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HOUSTON — Dr. Carter G. Woodson designated Negro History Week, which expanded to Black History Month, on Feb. 7, 1926.

Known as the “Father of Black History,” Woodson was born on Dec. 19, 1875 in New Canton, Virginia.

Although Woodson could not regularly attend school, he self-taught himself common school subjects by the age of 17. In 1895, Woodson enrolled into Douglass High School and received his diploma in less than two years.

In 1897, Woodson taught at a school in Winona, West Virginia for three years.

In 1900, he became a principal for Douglass High School in West Virginia. In 1903, Woodson earned his Bachelor of Literature degree from Berea College in Kentucky.

In 1908, Woodson attended the University of Chicago, where he earned his bachelor’s degree and master’s degree. In 1912, Woodson completed his PhD in history at Harvard University and became the second African American to earn a doctoral degree. After receiving his doctorate, Woodson worked as a professor at Howard University.

In 1915, Woodson became involved with the Washington, D.C. branch of the National Association for the Advancement of Colored People, or NAACP. Woodson created the Association for the Study of Negro Life and History after being inspired by his experience while staying at the Wabash Avenue YMCA in Chicago.

For many years, Woodson devoted his time to learn about African American history. In 1926, Woodson designated the second week in February as “Negro History Week.”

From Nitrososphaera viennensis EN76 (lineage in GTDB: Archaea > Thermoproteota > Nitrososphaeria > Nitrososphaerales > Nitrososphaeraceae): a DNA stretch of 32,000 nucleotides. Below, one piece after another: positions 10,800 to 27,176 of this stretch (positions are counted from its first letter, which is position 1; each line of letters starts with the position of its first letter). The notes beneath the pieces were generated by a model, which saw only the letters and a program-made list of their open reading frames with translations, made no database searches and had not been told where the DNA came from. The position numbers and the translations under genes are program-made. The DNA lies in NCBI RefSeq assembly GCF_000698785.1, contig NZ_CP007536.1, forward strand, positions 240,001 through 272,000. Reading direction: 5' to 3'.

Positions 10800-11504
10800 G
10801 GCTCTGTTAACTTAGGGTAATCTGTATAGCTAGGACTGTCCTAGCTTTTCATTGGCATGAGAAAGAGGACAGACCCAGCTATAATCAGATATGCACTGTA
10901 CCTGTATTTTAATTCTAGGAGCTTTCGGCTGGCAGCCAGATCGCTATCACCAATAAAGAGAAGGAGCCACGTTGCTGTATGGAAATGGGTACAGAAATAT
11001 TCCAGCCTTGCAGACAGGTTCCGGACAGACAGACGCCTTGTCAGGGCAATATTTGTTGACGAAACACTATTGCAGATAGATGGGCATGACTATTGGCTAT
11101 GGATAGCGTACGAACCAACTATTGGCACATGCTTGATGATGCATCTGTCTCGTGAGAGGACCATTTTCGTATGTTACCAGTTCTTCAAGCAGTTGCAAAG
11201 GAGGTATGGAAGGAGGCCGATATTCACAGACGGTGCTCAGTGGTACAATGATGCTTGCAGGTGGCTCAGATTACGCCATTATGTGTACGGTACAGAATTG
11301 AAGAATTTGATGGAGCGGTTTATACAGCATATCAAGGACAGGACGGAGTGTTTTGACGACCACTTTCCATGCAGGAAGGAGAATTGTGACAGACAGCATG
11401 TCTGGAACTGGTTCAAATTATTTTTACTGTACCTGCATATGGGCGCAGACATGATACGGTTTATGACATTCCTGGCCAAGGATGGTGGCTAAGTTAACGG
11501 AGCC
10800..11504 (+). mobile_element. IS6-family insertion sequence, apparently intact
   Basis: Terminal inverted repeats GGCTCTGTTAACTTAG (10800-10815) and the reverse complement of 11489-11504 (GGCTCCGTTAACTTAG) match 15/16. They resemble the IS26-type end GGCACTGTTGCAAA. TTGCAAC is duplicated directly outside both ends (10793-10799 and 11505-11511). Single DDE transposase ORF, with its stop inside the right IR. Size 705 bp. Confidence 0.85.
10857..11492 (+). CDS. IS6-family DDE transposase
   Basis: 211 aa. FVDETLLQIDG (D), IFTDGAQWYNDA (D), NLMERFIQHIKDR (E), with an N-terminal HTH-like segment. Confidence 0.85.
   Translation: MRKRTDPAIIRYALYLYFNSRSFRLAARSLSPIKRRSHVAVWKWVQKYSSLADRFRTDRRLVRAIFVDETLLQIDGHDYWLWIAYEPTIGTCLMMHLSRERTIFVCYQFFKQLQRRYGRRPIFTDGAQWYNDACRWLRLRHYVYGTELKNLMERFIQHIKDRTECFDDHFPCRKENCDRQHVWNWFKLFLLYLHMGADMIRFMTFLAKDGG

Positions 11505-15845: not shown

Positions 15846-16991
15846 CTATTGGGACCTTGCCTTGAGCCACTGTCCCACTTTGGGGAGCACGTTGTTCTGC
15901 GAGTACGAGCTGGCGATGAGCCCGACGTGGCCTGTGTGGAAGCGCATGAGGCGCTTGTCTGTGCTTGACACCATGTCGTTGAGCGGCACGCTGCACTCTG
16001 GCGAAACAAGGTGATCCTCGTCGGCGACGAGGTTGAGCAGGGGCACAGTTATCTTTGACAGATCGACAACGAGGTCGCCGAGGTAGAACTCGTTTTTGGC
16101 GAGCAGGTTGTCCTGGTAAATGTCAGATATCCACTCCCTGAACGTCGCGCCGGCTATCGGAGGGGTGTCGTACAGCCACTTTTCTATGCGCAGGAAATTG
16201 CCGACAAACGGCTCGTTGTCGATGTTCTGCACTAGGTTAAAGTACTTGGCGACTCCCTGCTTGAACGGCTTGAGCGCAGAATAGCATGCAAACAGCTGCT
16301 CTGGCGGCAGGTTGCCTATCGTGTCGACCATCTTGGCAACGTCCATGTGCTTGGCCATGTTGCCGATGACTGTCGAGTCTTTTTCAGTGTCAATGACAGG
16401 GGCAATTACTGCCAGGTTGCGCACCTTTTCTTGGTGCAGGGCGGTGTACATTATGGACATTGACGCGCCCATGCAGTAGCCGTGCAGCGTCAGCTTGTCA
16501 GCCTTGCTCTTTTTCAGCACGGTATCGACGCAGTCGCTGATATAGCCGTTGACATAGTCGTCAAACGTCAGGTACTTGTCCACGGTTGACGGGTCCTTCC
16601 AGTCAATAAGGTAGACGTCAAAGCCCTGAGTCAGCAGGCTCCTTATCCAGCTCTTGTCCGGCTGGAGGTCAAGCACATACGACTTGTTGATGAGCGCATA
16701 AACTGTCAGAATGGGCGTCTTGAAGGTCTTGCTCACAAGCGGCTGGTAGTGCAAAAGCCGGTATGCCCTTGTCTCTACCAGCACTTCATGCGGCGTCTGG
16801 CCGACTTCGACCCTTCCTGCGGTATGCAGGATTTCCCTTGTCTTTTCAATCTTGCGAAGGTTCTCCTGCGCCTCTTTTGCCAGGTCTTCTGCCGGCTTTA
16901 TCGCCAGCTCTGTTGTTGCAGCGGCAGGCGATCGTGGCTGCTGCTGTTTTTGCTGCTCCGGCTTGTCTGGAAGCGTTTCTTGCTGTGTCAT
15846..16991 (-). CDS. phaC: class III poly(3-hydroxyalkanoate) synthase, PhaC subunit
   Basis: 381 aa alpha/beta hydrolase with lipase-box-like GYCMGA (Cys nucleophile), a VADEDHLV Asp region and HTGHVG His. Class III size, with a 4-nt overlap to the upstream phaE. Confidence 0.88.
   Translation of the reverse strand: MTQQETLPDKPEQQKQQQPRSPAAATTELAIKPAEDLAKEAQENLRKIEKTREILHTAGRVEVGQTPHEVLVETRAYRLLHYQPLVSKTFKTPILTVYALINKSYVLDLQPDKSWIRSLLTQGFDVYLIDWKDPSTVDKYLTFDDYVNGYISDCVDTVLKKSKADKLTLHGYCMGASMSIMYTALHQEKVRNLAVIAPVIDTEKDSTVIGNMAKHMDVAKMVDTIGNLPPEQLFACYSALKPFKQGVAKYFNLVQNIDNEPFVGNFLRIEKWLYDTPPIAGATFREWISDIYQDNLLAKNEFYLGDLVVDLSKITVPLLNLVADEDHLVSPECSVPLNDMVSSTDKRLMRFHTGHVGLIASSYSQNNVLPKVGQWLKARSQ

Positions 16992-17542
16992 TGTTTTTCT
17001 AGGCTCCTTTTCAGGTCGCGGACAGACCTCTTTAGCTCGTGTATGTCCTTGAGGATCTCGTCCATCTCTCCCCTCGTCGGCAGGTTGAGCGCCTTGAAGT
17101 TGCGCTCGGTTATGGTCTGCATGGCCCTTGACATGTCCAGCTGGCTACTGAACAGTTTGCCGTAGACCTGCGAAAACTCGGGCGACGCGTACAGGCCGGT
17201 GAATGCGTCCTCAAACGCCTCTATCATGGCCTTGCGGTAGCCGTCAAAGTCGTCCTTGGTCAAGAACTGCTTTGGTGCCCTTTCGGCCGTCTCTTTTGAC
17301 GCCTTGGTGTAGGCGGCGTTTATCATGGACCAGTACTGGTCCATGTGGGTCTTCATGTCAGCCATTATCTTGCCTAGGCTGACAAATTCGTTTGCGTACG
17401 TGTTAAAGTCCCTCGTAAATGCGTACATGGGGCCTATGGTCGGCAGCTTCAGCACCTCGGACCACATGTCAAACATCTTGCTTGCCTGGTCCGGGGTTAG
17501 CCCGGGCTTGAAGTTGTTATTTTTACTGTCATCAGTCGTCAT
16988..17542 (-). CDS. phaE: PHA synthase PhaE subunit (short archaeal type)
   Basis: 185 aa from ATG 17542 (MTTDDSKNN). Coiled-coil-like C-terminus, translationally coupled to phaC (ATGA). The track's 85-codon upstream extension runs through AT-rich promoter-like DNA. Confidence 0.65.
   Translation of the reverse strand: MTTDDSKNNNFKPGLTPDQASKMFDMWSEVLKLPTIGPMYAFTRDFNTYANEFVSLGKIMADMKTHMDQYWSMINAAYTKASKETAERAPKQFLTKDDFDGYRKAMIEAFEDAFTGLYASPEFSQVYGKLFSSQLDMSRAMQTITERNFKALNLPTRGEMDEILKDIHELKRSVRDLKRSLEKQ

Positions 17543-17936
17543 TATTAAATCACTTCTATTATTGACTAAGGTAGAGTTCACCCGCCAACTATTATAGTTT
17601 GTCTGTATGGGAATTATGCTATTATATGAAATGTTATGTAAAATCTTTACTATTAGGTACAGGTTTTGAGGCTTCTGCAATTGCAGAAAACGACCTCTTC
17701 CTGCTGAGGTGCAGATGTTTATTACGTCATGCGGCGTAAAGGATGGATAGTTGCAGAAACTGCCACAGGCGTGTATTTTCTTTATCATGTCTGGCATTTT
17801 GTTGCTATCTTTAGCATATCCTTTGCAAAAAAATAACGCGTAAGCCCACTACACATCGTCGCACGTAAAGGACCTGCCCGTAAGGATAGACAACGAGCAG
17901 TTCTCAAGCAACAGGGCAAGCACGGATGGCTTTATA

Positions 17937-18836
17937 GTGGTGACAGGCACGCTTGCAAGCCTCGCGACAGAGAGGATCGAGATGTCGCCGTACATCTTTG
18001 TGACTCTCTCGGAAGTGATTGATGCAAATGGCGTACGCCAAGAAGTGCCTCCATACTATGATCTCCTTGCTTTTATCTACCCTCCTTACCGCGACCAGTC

In 1970, Woodson inspired Black United Students and black educators at Kent State University to expand the Negro History Week into a month.

On April 3, 1950, Woodson died from a heart attack in Washington, D.C. at the age of 74.

Woodson dedicated his time to give great African Americans the recognition they long-deserved. It is time we recognize his greatness.

​List of Woodson’s accomplishments and honors:

​In 1926​: ​Woodson received the ​National Association for the Advancement of Colored People Spingarn Medal ​

In 1984: The U.S. Postal Service issued a 20-cent stamp in honor of Woodson.

Carter G. Woodson Elementary School in Los Angeles

Carter G. Woodson Elementary School in Jacksonville, Florida

Carter G. Woodson Park, in Oakland Park, Florida

Carter G. Woodson Elementary in Atlanta

Carter G. Woodson Middle School in Chicago

Carter G. Woodson Libray in Chicago

Carter G. Woodson Center for Interracial Education in Berea, Kentucky

Carter G. Woodson Middle School in New Orleans

Dr. Carter G. Woodson Elementary in Baltimore, Maryland

Woodson Institute for Student Excellence in Minneapolis

PS 23 Carter G. Woodson School in Brooklyn

Carter G. Woodson Charter School in Winston-Salem

​Carter G. Woodson K-8 School in Houston

Carter G. Woodson Education Complex in Buckingham County, Virginia

Want more black history? See this fascinating feature on the story behind a 200-year-old oak tree in Missouri City.

Definitely a piece of history!